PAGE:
A partnership between UNESCO and the Rhodes University School of Journalism and Media Studies will put the spotlight on strengthening African journalism education in September 2009.
The joint activities planned over a week-long period are:
- A special training programme to empower African journalism teachers in using New Media, to be run by Rhodes expert lecturer Jude Mathurine.
- The participants will also join a research colloquium as part of the African preparations for the World Journalism Education Congress set down for Rhodes University in July 2010.
Overall, Africa’s mobile market has probably been the fastest growing of any region in the world over the past five years, and mobile access has grown twice as rapidly as the global average.
It took the African continent 100 years to accumulate 28 million fixed lines – an average access rate of 3 per 100 inhabitants – but this was overtaken by mobile connections in 2001, and with 137 million mobile subscribers in 2005 mobiles outnumbered fixed lines by more than five to one.
“Copyright laws are turning kids into criminals”.
This claim is made by Lawrence Lessig, a Stanford law professor and an advocate of Creative Commons.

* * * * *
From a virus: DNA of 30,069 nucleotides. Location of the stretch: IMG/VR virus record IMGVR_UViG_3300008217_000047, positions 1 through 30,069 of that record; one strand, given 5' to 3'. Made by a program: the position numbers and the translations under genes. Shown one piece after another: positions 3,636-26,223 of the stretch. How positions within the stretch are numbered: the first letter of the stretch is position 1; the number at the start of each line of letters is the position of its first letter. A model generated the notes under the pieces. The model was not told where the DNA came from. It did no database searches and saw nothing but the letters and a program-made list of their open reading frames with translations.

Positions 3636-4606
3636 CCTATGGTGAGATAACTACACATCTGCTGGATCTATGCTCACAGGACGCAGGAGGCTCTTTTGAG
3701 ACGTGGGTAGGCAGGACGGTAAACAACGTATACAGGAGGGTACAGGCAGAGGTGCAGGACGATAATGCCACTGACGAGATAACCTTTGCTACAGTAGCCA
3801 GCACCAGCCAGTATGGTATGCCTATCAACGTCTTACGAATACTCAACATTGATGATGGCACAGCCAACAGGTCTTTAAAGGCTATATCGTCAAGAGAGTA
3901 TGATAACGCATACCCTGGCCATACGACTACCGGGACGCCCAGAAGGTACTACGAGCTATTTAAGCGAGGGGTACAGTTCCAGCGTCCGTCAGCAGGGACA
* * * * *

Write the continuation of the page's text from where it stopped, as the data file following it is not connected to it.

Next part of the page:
His argument is simple: Generation-Y is not going to change, so the laws will have to:
You all know the advertisement: You wouldn’t steal a car… you wouldn’t steal a mobile phone… you wouldn’t steal someone’s wallet…
And yet, recently when the people behind a torrenting site called The Pirate Bay were found guilty of copyright infringement and sentenced to pay millions and spend years in jail there was widespread outrage, even threat of Cyber War One (and not just because the site would no longer aid people in getting stuff for free).
You know the story by now. Media and journalism are in crisis as media scarcity becomes a thing of the past. In the North, fast, cheap broadband means a surfeit of media choice, content and services. While media consumption is up, 'traditional' media consumption is down (except in emerging countries).